US and coalition successes against al-Qa'ida have forced these jihadist groups to compensate by showing a greater willingness to act on their own and exercising greater local control over their strategic and tactical decisions. As a result of this growing dispersion and local decision-making, there is an increasing commingling of groups, personnel, resources, and ad hoc operational and logistical coordination. These groups affiliated with al-Qa'ida or indoctrinated with al-Qa'ida's ideology are now carrying out most of the terrorist attacks against US and allied interests. Their decreased power projection and limited resources mean that an increasing percentage of jihadist attacks are more local, less sophisticated, but still lethal. Some groups, however, are seeking to replicate al-Qa'ida's global reach and expertise for mass casualty attacks. This trend underscores that America's partners in the global war on terror require the capabilities to identify and eliminate terrorist threats in their countries for their own security and ultimately to stop terrorists abroad before they can gain the ability to attack the US homeland.
Despite intensive US and partner operations that have led to the killing or capture of much of al-Qa'ida's senior leadership, Usama bin Ladin and his deputy, Ayman al-Zawahiri, remain at large. In late 2004, they made videotaped statements addressed directly to the US public that warned of more attacks. The two have also publicly threatened at least three dozen countries in Europe, Africa, the Middle East, and South Asia.
The apparent mergers or declarations of allegiance of groups such as Abu Mus`ab al-Zarqawi's organization with al-Qa'ida suggest that al-Qa'ida is looking to leverage the capabilities and resources of key regional networks and affiliates -- a trend that al-Qa'ida could also use to try to support new attacks in the United States and abroad.
The Global Jihadist Movement
The global jihadist movement predates al-Qa'ida's founding and was reinforced and developed by successive conflicts in Afghanistan, Bosnia, Chechnya, and elsewhere during 1990s. As a result, it spawned several groups and operating nodes and developed a resiliency that ensured that destruction of any one group or node did not destroy the larger movement. Since 2001, extremists, including members of al-Qa'ida and affiliated groups, have sought to exploit perceptions of the US-led global war on terrorism and, in particular, the war in Iraq to attract converts to their movement. Many of these recruits come from a large and growing pool of disaffected youth who are sympathetic to radical, anti-Western militant ideology. At the same time, these extremists have branched out to establish jihadist cells in other parts of the Middle East, South Asia, and Europe, from which they seek to prepare operations and facilitate funding and communications.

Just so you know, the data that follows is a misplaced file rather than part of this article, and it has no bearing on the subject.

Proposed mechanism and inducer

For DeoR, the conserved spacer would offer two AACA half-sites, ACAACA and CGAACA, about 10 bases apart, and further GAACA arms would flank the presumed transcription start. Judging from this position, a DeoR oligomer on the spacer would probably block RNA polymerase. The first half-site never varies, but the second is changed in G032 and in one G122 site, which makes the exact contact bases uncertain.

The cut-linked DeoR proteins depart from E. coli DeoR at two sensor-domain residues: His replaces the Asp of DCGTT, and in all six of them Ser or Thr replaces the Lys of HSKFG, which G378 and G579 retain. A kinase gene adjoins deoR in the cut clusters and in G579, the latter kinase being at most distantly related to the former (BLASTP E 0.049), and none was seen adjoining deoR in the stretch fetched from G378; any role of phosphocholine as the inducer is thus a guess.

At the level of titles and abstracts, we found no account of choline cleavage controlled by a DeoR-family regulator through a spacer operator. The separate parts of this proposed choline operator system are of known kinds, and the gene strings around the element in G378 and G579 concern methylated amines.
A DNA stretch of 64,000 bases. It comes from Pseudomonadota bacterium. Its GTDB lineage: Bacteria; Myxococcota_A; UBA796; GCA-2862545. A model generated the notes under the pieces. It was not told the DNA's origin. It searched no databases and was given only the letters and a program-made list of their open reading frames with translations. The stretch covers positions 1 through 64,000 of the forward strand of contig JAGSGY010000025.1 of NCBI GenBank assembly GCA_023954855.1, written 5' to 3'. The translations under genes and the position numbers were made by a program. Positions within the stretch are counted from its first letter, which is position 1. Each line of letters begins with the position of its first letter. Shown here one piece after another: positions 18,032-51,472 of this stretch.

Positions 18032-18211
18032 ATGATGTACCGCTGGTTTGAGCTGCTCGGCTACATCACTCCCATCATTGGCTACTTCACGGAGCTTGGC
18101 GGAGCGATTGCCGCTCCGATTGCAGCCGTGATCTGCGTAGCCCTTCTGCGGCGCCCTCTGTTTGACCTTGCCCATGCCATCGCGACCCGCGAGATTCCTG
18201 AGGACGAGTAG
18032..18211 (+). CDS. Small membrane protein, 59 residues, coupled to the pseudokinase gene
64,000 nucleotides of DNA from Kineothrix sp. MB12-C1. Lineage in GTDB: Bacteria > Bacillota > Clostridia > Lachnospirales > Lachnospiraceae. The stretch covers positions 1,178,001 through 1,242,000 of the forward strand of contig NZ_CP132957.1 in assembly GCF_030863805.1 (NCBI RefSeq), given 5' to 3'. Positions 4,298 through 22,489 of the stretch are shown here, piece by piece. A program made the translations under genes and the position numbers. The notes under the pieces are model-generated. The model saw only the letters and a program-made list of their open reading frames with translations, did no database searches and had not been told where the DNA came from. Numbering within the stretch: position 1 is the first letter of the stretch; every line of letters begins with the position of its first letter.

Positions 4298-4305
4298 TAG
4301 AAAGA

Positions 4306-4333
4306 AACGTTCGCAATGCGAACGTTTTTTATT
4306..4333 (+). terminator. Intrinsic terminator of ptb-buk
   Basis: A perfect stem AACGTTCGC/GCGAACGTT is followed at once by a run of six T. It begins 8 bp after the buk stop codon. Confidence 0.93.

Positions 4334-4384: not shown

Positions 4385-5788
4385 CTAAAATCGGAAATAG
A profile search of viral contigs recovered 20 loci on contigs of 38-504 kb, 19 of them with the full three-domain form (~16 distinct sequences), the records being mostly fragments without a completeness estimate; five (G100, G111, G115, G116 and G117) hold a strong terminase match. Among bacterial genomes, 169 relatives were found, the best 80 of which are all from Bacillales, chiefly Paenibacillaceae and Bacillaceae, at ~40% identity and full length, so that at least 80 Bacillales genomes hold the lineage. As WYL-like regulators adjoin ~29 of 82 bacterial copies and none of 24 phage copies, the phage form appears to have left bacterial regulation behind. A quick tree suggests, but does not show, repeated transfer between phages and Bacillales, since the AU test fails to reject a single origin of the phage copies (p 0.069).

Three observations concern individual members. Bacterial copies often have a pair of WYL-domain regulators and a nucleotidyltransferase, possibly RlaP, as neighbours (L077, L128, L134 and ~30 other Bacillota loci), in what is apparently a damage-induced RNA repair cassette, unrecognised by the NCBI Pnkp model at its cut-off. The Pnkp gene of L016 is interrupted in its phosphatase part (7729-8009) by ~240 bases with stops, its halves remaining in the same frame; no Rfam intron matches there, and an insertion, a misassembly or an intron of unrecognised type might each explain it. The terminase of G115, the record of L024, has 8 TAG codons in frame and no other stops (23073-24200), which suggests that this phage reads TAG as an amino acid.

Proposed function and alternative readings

Foreign fighters appear to be working to m ake the insurgency in Iraq what the resistance movement to the Soviet occupation of Afghanistan was to the earlier generation of jihadists -- a melting pot for jihadists from around the world, a training ground, and an indoctrination center. In the months and years ahead, a significant number of fighters who have traveled to Iraq could return to their home countries, exacerbating domestic conflicts or augmenting with new skills and experience existing extremist networks in the communities to which they return.
The Spread of Al-Qa'ida's Ideology
Al-Qa'ida's ideology resonates with other Sunni extremist circles. Some affiliated groups -- including Jemaah Islamiyah in Southeast Asia -- look to their own spiritual leaders, yet historically have shared close ideological and operational ties to al-Qa'ida. In recent years, however, the resonance of al- Qa'ida's message has contributed to the formation of an assortment of grassroots networks and cells among persons that previously have had no observable links to bin Ladin or al-Qa'ida aside from general ideological and religious affinity.
Examples of this trend include Salafiya Jihadia, a loosely-organized Moroccan movement involved in carrying out the bombings in May 2003 in Casablanca, and the terrorists who executed the March 2004 attack in Madrid. Although these cells do not appear to have been acting directly on al-Qa'ida orders, their attacks supported al-Qa'ida's ideology and reflected al-Qa'ida's targeting strategy.
Terrorist capabilities for attacks will remain uneven, given the varying degrees of expertise and increasing decentralization within the movement. Most groups will be capable only of relatively unsophisticated, but still deadly small-scale attacks. Others, however, may seek to acquire or replicate al-Qa'ida's expertise and material support for mass-casualty attacks. The explosive growth of media and the Internet, as well as the ease of travel and communication around the world have made possible the rapid movemen t of operatives, expertise, money, and explosives. Terrorists increa singly will use media and the Internet to advance key messages or rally support, share jihadist experiences and expertise, and spread fear.
Although the jihadist movement remains dangerous, it is not monolithic. Some groups are focused on attacking the United States or its allies, while others view governments and leaders in the Muslim world as their primary targets. The United States and its partners in the global war on terrorism will continue to use all the means available to identify, target, and prevent the spread of these jihadist groups and ideology.
April 27, 2005